“Will they hold my connecting flight for me? I’m quite delayed,” you again remind the flight attendant who apparently is going to let the world end before she allows anyone off the plane before business class is clear.
“They know you are coming and they will hold the plane. Don’t worry. We will let you off very soon,” she reminds you. “We just like to have the business class passengers deplane first.”
Perfect, how customary.
You are running through the Lisbon airport, scanning the departures board as you run. What gate? What terminal? What time? All these things. You are running past at such a speed you see Barcelona, Berlin, Bilbao…and the next screen you are seeing a Milan, Munich…running…next monitor is a blur…Warsaw…too far…couple lines up…Venice, final call.
Down the steps to go through immigrations, no help by airline ground-staff to expedite.
“Where are you heading?”
“Oh, you are late.”
“Will they hold the plane?”
“Just go down that line sir.”
Race into the maze of stanchions and retractable belts, duck under belts, lift belts, dodge belts. Wait for three people to be called. Wait for the wave, flip the passport on the desk, snatch the passport off the desk, and run into the connections area for a security screening. Drop the bag on the xray, pull your belt off, dump the cell phone and wallet in the basket, grab some oxygen in the lungs.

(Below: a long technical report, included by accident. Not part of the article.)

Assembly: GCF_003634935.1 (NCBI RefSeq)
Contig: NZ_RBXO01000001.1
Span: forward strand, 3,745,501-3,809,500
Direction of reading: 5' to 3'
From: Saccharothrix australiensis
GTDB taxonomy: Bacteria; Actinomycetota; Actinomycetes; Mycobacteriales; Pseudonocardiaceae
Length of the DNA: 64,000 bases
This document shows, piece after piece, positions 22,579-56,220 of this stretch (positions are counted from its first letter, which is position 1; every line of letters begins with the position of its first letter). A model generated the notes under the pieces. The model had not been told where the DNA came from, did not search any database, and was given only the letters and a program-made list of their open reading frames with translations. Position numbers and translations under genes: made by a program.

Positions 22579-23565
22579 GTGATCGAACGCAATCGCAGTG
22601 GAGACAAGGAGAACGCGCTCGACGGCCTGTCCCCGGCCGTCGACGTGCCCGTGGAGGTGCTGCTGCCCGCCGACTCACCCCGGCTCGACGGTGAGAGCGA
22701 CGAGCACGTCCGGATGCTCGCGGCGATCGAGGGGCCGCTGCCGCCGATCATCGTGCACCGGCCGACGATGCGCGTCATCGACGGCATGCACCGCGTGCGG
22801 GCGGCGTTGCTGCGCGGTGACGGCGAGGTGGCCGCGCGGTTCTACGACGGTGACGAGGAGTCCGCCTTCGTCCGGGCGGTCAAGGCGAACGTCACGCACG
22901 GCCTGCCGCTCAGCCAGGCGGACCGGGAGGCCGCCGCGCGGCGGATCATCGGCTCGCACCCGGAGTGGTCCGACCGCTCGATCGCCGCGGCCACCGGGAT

“Where are you headed?”
They mutter out some gate. Good sign. Flight must have been late, still have a chance. Heavily breathing, racing heart, curious mind dancing amongst possibilities. It’s good you’ve been to this airport before, envisioning the quickest path to the gate.
Race through security unadulterated—luckily this is not London Heathrow where they’d give you a stern 5 minute lecture about the dangers of not having a small tube of toothpaste in the ziplock bag and requiring the rescan the toothpaste in the ziplock bag.
Grab your luggage, wipe your sweat, throw the phone and wallet in the bag, passport in your pocket, start to run.
You whip your head around.
“Where are you heading?”
“Oh, Venice. Hold on.”
Seconds ticking, is it hours? Days elapsing right now?
“Sir, the boarding is complete for Venice. The plane has left. Customer Service is on your right.”